I'm getting too old  to be running around the streets with banners and placards. Writing Letters to the Editor is no longer the way to go. So what did I do to voice my feelings about frivolous destruction of historic buildings? I wrote a novel.

Paperback at Lulu now, but shortly at Amazon, and there is an eBook, if you dislike too much commitment.

Monday, January 20, 2014

Amazon and Me

I've spent quite a bit of money at Amazon over the years. It's also the perfect place to research writers and titles. (I always need to know about Kate Atkinson's latest book.)

But to be there, listed there, with my own book -- well, this is a whole new ballgame. It took a while after publishing with Lulu, but finally I can hit my own name, and there's "The Attic".

To all of you who write, who long to publish, who dream of holding your book in your hand -- this is the way to go. It's not for the money - we are not naive - but your book becomes part of the literary world, whether or not anyone chooses to buy it.

I'm reaching an age where I prefer not to see my birth date written down, and I was becoming increasingly uncomfortable at the prospect of becoming a sweet, doddery, old lady, chatting people up at the bus stop, claiming to be a writer, but who had never published. Damn it, that wasn't going to happen to me.

And don't let it happen to you (assuming you are a woman - otherwise replace "lady" with "codger").

If you want fame and glory, then good luck with that. If you want to get rich, become a banker. But if you simply want to know that your words will never fade away...ever... then self-publish. Worry about the fame, glory and money later. It could happen. (In my case, probably post-mortem.)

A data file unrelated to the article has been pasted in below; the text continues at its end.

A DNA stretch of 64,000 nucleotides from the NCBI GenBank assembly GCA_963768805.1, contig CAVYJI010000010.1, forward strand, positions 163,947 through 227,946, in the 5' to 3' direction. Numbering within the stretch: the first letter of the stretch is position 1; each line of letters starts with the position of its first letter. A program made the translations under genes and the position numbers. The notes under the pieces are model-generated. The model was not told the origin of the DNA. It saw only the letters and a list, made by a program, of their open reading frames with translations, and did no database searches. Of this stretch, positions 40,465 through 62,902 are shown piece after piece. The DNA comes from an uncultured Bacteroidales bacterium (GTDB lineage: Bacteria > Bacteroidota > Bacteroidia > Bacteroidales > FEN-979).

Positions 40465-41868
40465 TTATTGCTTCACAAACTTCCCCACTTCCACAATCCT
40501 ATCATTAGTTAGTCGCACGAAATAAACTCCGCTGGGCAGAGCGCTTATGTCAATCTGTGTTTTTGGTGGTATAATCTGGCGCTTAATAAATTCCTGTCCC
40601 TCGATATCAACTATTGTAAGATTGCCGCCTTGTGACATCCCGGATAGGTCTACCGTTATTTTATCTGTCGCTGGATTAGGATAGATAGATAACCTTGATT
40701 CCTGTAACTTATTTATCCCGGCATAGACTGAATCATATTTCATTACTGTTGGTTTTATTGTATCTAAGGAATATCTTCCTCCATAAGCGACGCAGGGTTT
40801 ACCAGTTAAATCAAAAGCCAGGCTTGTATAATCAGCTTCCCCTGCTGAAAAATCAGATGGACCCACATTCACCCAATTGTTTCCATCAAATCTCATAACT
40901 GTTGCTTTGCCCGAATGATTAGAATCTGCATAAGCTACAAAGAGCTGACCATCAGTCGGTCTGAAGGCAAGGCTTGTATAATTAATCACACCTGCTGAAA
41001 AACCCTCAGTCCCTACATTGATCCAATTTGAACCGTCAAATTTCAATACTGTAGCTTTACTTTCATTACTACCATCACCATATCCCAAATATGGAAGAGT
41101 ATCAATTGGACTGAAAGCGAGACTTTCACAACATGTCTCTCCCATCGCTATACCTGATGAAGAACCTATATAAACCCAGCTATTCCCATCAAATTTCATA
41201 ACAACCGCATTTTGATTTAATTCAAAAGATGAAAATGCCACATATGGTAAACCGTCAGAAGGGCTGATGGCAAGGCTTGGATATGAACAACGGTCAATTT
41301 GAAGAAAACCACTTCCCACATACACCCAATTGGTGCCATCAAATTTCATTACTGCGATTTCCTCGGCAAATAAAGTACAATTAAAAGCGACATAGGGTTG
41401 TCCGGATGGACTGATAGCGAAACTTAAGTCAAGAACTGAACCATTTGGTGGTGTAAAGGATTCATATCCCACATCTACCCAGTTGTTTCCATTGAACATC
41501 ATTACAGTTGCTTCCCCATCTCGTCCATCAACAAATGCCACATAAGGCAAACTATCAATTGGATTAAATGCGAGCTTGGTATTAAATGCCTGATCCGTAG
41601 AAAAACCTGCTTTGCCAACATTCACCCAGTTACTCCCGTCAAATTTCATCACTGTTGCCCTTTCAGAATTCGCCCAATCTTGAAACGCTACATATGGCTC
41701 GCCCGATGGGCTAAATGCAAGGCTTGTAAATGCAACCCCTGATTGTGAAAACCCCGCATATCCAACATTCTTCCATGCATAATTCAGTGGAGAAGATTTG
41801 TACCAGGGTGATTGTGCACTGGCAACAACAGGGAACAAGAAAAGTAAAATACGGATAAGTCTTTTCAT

So Amazon is no longer just a place for me to spend my money, or to research, but has become the safety deposit box for my book, along with the other three, when I process them.

Who knows, even Australia's Fishpond  could list it some day.

And to my dear reviewers, at both book sites, my deepest thanks. At least I know someone's read it...

Monday, December 2, 2013

Self-published - "The Attic" - The Novel Released from the Agent Query Treadmill

And so I've really done it. "The Attic" is out there - will be on Barnes and Noble, Amazon, etc., within weeks, and of course it's already at LuLu, the site I used to publish it.

If you've been considering it, but dismissed it because of some skeptical comments online (including mine!), I urge you to reconsider. Whether or not it sells, whether or not you establish a huge fan base, you will have the enormous satisfaction of holding your book in your hands and knowing it's available to the world. Forever, incidentally, as there will never be print over-runs, and it will never be stacked on a bookstore bargain table. In fact, your book will never be out of print, even when you are.